The Court first observes that “bare procedural or technical violations of a statute” do not create the kind of concrete harm required to show an injury in fact. Thus, it finds the plaintiffs cannot rest their claims on the mere non-existence of the desired policy; they are required to show that the lack of a policy caused them harm. The Court finds the plaintiffs have suffered the requisite concrete harm based on their alleged difficulties ambulating through allegedly non-compliant parking facilities. This is unremarkable. Difficulty navigating a facility is precisely the kind of harm the ADA was meant to prevent.
The Court next asks whether this harm is “fairly traceable” to the supposed misconduct; in this case, not having an ADA maintenance policy. It analogizes the “fairly traceable” requirement to the “but for” causation element of tort cases. Here the Court finds that the bare allegation that defendant’s conduct “caused” their injury is the equivalent of a pleading that “but for” the absence of a policy they would not have been injured. That bare assertion is precisely the kind of “a formulaic recitation of the elements of a cause of action” the Supreme Court found inadequate in Ashcroft v. Iqbal, 556 U.S. 662, 678, 129 S.Ct. 1937, 1949 (2009). Without some explanation of how the lack of a policy caused the plaintiffs’ specific injury the claim should have been dismissed.
This is especially true given the uncertain link between any policy and the plaintiff’s harm. The plaintiffs’ theory assumes that the parking lot was originally in compliance with the ADA, then fell out of compliance at some later date, and would have been remediated before the plaintiffs visited if an annual inspection policy had been in place. This is a rather long string of facts to be incorporated by implication in the word “caused.”*
The Court almost rejects the existence of redressability, observing that an injunction requiring only the adoption of a policy would not guarantee that the policy was followed and would not therefore assure that the plaintiffs would not encounter the same conditions in the future. Here again the Court is willing to stretch to permit the lawsuit to continue, finding that it is at least “likely” that the requested injunction will prevent future harm because “nothing suggests” individual stores would violate the policy, and that the district court would retain jurisdiction for some time “to address any potential failures by Steak ‘n Shake” fix problems found by the policy.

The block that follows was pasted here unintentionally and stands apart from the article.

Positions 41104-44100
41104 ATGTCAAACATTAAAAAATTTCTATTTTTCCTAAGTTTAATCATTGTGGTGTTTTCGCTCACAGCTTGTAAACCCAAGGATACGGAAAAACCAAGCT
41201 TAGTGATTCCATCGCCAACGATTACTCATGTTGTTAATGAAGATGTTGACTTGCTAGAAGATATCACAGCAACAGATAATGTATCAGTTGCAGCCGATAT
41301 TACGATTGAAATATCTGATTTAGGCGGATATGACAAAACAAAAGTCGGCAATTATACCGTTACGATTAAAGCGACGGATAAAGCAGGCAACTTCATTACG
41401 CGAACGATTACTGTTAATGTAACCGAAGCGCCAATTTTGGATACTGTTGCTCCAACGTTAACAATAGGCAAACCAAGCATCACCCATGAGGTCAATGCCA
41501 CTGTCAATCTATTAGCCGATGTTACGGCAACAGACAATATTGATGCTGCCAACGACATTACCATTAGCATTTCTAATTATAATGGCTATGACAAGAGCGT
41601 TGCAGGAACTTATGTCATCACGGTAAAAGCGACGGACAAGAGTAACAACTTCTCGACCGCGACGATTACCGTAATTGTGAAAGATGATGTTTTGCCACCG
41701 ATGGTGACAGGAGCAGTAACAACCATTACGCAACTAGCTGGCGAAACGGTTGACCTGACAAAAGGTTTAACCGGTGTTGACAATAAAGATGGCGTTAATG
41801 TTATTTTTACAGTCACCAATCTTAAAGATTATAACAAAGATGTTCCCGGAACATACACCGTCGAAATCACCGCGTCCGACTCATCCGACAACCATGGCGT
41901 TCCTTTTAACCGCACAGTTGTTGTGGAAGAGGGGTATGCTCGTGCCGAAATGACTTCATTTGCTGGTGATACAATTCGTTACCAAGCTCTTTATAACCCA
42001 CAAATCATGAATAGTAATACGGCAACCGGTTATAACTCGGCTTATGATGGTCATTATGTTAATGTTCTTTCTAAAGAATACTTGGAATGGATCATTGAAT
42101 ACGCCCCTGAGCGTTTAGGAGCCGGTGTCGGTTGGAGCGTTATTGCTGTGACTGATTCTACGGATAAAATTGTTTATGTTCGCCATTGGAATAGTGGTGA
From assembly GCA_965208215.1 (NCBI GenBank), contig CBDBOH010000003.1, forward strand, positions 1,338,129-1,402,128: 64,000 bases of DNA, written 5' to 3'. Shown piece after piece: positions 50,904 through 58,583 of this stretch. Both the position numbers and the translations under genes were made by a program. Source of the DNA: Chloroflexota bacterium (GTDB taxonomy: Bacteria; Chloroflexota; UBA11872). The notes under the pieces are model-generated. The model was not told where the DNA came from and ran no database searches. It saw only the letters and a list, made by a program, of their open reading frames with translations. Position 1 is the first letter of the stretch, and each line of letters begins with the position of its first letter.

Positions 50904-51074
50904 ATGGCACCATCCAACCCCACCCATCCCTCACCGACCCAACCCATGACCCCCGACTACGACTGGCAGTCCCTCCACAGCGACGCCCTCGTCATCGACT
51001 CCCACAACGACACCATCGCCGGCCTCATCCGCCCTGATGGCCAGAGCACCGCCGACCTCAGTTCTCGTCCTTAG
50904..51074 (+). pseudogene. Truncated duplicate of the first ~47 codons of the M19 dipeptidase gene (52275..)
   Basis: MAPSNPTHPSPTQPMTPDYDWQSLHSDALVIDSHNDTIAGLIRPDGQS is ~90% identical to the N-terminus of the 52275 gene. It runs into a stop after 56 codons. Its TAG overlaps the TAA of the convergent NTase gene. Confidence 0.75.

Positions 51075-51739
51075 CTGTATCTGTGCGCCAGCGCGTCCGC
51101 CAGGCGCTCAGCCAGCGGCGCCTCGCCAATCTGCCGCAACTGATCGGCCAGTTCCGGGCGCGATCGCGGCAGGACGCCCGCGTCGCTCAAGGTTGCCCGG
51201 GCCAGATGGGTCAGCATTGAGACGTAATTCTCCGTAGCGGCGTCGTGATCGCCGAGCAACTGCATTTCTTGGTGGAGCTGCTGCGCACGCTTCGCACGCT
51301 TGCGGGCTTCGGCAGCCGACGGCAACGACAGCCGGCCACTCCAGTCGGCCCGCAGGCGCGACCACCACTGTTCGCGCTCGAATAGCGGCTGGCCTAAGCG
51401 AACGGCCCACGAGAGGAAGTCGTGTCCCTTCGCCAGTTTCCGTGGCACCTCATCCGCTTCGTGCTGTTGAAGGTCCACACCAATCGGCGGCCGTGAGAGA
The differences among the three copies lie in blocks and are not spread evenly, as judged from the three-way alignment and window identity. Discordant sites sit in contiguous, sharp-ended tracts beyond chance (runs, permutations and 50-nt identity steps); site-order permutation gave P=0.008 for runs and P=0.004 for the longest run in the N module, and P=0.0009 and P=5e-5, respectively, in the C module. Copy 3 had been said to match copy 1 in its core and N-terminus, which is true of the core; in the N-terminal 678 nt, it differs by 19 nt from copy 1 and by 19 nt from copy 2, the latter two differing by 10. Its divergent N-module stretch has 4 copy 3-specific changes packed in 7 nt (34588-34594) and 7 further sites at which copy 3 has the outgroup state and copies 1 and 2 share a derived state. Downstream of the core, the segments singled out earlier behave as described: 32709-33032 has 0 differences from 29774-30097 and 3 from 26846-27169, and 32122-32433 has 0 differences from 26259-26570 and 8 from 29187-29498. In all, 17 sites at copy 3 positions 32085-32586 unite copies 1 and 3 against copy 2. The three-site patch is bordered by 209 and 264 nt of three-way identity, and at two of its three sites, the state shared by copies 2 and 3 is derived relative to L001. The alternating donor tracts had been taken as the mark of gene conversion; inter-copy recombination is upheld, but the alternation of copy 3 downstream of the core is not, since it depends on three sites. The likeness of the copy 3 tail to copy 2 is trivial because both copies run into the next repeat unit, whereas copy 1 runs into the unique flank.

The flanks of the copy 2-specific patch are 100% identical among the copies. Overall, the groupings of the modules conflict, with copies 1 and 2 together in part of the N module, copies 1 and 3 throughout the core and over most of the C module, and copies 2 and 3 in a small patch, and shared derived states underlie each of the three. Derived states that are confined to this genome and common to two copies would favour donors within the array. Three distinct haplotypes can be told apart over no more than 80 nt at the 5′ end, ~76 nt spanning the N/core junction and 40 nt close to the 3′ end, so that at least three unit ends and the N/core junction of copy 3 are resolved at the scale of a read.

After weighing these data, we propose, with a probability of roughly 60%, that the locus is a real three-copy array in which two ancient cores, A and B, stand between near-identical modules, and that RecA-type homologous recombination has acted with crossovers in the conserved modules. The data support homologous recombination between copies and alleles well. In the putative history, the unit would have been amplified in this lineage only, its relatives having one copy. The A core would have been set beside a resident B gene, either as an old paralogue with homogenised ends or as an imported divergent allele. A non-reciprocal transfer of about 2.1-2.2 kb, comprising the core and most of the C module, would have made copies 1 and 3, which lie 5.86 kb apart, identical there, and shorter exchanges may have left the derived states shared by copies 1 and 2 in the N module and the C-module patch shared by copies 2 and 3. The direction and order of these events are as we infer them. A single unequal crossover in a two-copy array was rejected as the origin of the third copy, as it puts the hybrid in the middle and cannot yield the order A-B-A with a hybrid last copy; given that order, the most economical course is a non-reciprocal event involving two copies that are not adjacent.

The immediate logical flaw in this argument comes from the district court’s continuing jurisdiction. So long as the district court maintains jurisdiction to require Steak ‘n Shake to remediate any barriers to access a policy requiring remediation is superfluous. It is the court, not the policy, that will prevent future injury. After the district gives up its continuing jurisdiction the likelihood that the policy will be effective depends on the policy being more effective in encouraging ADA compliance than the existing statutory requirement. It is hard to imagine that individual store managers who have not followed the law will be more likely to follow a mere corporate policy.
Even if it is assumed the policy will be followed more strictly than the law, finding that it is likely to redress the alleged potential future injury requires a considerable leaps between the links in the chain of causation. The plaintiffs were already asking for an injunction to require remediation of existing problems, so the starting point for how the policy might affect them in the future is all Steak ‘n Shakes being in compliance with all ADA standards. To prove the policy will redress the potential future injury to the plaintiffs they must prove it is (1) likely the facilities will fall out of compliance with ADA standards at a time when they are still likely to visit the store but after the court loses continuing jurisdiction, (b) the desired annual inspections for ADA violations will detect the out of compliance condition and (c) the condition will be corrected before the plaintiffs again visit the store. For parking lots and parking places required maintenance is unlikely to be necessary for years, so this chain of causes requires looking many years into the future to consider injuries not to disabled persons in general, but to these specific plaintiffs. Arguing that an ADA policy will redress future injuries is no more than speculation.
The Third Circuit came close to rejecting the entire idea that the ADA would support an injunction ordering that public accommodations adopt specific ADA compliance policies. It should have taken the last step and found that the ADA does not require any business to have a an ADA compliance policy. The statute does not require it and a mere policy is unlikely to redress future injuries because it is does no more than affirm the existing obligation to follow the law.
* In the word of the Supreme Court, “where the well-pleaded facts do not permit the court to infer more than the mere possibility of misconduct, the complaint has alleged—but it has not “show[n]”—“that the pleader is entitled to relief.” Id.